Happiness is not so much a theme explored but a feeling experienced by the artists who contributed to a new exhibit at The Confluence: Art in Twisp.
Curated by Sarah Jo Lightner, the exhibit “Happiness Found: Dan Brown & Friends” features artwork that made the artists happy when they were creating it, Brown said.
For Brown, an Okanogan-based artist, the show’s title has a dual meaning. Brown found happiness making art for “Happiness Found.” The “found” aspect of Brown’s contributions to the exhibit is also significant, as he repurposes so many metal pieces that had a previous life as something functional.
“I just love taking found objects and turning them into things,” Brown said. “I had a lot of fun making things for the show. As I make a piece, I usually remember who gave me the metal scrap and I get to think of them. Recently I made something that Dan Donohue of Blue Star Coffee Roasters gave me, I used an old propane tank from another friend, and a piece of trampoline frame from a friend whose last kid went off to college.”
One of Brown’s favorite pieces in his own collection at the exhibit is a slide made from an old hay bale loader, with two ravens pretending it’s a pirate ship. “My sister and I used to play on a potato digger and make believe that we were on a ship,” Brown said. “I see those ravens doing the same thing with the hay bale loader slide.”
Brown also likes how his whale turned out, the elegant marine mammal encircled by an old wagon wheel.
“Another fun one is the impala on the longboard,” he said. “I found some old metal rollers in my field and they said ‘skateboard’ to me. There’s a lot of motion in it, as well as a bit of rebelliousness.”
To populate the exhibit beyond his own pieces, Brown reached out to artist family members, starting with his father, whose creative genes were passed on to Brown.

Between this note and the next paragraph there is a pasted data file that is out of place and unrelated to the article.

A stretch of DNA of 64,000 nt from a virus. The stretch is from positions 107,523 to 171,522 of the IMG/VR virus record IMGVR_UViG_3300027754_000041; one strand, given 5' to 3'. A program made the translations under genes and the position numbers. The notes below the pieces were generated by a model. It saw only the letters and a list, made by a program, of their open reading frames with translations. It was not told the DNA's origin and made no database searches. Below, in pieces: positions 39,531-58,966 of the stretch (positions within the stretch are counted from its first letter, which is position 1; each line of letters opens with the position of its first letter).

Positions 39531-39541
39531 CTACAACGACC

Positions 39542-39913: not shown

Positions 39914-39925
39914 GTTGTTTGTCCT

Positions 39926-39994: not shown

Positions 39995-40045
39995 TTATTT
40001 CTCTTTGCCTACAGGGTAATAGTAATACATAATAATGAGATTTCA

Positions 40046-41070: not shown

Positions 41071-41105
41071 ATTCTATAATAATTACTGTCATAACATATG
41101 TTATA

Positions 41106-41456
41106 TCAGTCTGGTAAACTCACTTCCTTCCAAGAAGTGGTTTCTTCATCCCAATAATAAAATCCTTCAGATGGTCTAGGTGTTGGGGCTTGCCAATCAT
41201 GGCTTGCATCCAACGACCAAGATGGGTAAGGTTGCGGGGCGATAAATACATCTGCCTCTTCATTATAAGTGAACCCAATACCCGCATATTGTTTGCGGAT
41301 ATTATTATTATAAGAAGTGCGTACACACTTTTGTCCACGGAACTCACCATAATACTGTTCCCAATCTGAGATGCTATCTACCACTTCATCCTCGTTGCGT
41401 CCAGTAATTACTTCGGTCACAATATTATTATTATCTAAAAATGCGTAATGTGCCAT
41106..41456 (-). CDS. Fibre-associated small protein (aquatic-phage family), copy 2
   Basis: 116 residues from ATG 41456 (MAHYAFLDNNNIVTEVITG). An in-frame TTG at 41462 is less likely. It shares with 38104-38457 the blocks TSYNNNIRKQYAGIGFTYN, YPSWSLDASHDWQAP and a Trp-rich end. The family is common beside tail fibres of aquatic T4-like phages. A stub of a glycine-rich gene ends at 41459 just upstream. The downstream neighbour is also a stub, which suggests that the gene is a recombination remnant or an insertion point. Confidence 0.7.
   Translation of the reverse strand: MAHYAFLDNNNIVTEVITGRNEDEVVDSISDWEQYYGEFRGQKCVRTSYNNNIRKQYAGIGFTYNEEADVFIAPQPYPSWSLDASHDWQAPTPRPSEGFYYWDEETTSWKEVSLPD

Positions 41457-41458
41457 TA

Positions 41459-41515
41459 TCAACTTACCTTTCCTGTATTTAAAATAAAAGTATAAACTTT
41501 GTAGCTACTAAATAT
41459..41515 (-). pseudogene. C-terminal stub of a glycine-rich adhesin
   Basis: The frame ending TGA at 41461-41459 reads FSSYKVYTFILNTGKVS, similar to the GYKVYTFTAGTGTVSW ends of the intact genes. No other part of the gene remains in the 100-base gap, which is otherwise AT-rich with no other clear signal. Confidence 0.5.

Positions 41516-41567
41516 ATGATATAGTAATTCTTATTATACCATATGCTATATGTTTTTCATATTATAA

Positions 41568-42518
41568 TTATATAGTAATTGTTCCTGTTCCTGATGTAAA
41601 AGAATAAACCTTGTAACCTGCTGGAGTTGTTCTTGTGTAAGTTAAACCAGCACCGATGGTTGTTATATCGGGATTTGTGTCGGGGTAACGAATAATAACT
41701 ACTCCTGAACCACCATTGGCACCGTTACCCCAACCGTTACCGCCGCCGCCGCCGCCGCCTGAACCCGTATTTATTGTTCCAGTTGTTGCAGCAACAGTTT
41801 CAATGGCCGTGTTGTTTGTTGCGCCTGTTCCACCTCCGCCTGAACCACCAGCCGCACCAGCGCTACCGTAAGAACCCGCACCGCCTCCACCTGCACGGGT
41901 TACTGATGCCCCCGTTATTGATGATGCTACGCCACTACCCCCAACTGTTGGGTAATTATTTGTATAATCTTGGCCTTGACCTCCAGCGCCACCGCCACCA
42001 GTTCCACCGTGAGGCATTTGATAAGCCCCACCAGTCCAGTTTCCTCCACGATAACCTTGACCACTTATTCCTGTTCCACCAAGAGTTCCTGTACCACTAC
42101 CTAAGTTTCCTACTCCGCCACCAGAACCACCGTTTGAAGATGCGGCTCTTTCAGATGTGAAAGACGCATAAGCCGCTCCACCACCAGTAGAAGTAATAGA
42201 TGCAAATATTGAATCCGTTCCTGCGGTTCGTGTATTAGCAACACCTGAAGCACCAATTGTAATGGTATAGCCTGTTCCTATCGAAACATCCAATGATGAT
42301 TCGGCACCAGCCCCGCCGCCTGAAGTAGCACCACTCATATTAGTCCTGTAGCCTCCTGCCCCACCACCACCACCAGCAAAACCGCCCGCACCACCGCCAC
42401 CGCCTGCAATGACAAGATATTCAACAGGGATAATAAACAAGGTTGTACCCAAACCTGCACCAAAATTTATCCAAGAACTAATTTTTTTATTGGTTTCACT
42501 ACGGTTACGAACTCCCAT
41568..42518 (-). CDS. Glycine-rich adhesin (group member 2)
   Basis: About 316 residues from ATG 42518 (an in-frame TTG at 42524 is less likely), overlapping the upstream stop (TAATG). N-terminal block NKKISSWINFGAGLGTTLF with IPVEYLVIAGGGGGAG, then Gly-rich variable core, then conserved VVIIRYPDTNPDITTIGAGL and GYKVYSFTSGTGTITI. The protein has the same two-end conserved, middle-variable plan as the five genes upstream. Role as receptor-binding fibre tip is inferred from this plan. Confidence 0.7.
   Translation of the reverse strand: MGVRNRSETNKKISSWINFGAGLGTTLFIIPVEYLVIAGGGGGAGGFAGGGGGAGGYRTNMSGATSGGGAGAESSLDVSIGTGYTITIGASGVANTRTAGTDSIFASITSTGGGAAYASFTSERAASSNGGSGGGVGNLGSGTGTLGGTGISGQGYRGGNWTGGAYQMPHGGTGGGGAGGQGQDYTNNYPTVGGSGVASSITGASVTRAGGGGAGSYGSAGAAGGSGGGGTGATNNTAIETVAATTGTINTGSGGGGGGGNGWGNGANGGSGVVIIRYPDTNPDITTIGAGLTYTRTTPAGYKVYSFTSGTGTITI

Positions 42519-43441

“My dad [Dave Brown] could draw and paint really well as a high school student. As a young father he’d paint murals on our bedroom walls — mine was a guy on horseback leading a wagon train.”
“My dad worked for the U.S. Fish & Wildlife Department managing waterfowl refuges and he started carving decorative decoys,” Brown said. “Then last winter he tried carving raptors like hawks and peregrine falcons. Five of those raptors are in the show.”
Several of Brown’s in-laws contributed to what Brown calls “an eclectic” show. His sister-in-law Nancy Wagner knit some submissions; his brother-in-law Jay Schmidt, a former sculpture professor at Montana State University and member of Paintallica — a large group of artist friends who “strive to create provocative authentic art” — provided a few pieces; and his sister-in-law Kathy Schmidt contributed figurative work.
Local artists contributing to the exhibit include V-Blast, who submission is a horse skull with an elaborate background and a nesting bird in the brain cavity.
Concurrently, Patrick Hannigan’s “First Ascents” exhibit will run in The Confluence’s Community Gallery. The pairing of Hannigan’s show with Brown’s is serendipitous, as Brown’s work has been influential to Hannigan’s evolution as an artist.
“I consider him to be one of my artistic heroes,” Hannigan said of Brown. “It’s a huge honor to be in the same show space as him.”